We’ve all attended numerous presentations at functions such as trade shows. We’ve seen the good, the bad, and the ugly.
But what makes good presentations good? Remember that speaking engagements often lead to connections, providing you with a wellspring of prospects or lead sources. This was the discussion at a recent Around the Horn forum session. A financial advisor in attendance pointed out that he has never spoken in a meeting where he has not gotten at least one lead. Don’t underestimate the potential returns from a good presentation!
So how do you make a good presentation?
Choose a topic that has relevance to current business interests. Then spend significant time on its preparation. If you’ve prepared well, it will show—and if you haven’t prepared well, that will show, too. As one person said at the forum, “Aim high. Bring value.” If you show that you take the topic seriously, you’re more likely to get your audience interested in it, too.
Next, we established the importance of giving a good presentation. Believe it or not, the presentation of your topic is just as important as its content. The most valuable topic is useless if it isn’t delivered well to its audience.
Your presentation should be appealing, interactive, and informative. Use humor and engage your audience. Always leave time for Q&A. One person at the meeting suggested giving the audience a survey after your presentation. He said not only will you gain valuable feedback, you’ll get names for your email list. Another person suggested webinars. Even if only one person attends them, if he or she is the right person, you will get business.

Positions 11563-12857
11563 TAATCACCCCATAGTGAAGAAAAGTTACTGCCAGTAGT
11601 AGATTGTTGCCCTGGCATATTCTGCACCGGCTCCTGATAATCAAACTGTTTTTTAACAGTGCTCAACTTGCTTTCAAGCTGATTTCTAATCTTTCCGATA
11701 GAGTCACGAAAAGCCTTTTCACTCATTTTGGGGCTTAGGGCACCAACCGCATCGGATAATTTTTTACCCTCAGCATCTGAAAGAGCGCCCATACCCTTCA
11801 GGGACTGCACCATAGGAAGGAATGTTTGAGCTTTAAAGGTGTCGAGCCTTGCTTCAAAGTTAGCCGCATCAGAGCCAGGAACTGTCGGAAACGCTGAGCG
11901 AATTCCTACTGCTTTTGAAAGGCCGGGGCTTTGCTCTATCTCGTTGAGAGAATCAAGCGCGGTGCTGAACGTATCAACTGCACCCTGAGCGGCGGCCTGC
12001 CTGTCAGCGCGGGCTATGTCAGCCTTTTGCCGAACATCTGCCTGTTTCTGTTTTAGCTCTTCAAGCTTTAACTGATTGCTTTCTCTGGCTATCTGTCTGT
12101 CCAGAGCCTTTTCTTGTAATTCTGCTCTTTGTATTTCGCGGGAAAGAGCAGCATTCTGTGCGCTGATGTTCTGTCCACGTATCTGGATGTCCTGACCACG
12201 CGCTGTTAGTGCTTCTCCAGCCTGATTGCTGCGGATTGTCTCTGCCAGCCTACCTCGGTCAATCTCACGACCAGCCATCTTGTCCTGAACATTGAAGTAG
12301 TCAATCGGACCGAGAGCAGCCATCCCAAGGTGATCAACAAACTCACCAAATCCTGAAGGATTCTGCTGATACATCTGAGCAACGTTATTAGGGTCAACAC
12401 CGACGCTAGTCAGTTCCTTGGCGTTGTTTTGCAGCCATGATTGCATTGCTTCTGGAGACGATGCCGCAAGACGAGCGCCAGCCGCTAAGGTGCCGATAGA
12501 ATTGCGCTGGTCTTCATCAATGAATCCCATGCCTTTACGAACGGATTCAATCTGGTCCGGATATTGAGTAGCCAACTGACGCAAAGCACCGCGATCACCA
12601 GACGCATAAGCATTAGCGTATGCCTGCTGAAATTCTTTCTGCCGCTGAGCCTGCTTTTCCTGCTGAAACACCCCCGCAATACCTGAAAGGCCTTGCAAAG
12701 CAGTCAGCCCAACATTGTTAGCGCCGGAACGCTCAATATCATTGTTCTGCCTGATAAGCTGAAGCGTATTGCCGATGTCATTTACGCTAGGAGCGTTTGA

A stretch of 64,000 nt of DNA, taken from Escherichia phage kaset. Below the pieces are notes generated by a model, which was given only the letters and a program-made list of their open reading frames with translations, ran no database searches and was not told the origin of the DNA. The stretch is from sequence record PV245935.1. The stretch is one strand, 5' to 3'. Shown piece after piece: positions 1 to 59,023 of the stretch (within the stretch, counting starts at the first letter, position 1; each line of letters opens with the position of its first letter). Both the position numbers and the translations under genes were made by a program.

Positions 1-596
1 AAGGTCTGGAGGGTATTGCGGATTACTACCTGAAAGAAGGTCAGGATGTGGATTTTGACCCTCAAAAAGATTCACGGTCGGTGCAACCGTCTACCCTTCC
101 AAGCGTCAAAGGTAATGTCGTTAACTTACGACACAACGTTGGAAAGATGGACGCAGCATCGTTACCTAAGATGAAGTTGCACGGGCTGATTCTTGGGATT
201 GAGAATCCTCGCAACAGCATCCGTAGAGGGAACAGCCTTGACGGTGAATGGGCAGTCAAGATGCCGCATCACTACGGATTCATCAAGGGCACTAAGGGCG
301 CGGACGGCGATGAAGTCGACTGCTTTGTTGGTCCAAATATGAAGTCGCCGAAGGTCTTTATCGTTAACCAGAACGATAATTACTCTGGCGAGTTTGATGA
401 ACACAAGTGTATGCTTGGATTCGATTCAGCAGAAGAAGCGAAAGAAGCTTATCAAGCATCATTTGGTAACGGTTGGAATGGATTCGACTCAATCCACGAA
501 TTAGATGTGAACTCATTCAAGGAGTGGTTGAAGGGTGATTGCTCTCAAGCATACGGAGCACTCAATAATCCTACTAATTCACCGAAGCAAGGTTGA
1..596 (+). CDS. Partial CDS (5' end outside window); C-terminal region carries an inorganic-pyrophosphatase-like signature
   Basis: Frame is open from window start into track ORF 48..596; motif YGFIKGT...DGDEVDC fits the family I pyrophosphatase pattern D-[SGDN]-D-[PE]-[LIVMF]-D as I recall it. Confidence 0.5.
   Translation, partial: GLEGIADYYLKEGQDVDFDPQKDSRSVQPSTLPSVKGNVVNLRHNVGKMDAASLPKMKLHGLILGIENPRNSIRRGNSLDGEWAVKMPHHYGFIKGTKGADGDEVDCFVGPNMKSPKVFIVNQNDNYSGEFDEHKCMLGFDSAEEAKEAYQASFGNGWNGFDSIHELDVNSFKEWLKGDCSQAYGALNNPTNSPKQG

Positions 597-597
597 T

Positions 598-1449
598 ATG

Once you’ve invested all that time in creating a great presentation, get more “bang for your buck” by presenting it at as many venues as possible—but not just any venue—be selective and choose venues where your target market is likely to be found.
A patent attorney added, “Demonstrate your skill. Don’t just say you’re good at something.” The recent political sphere has made all of us familiar with the spectacle of someone loudly boasting, “I’m good at that, I’d do a good job!” without any evidence to support the claim.
Remember that you’re not there to “sell” to your audience; you’re there to talk to them—and in plain English, not jargon. If you assume (often wrongly) that the audience knows what industry-specific terms mean, you risk losing them. So keep it simple. As a tax attorney at our forum put it: “Speak to your audience, not at them.”
Do you have other ideas on giving successful presentations? I’d love to hear what you think. Comment below or contact me here.
President of Network!Network!
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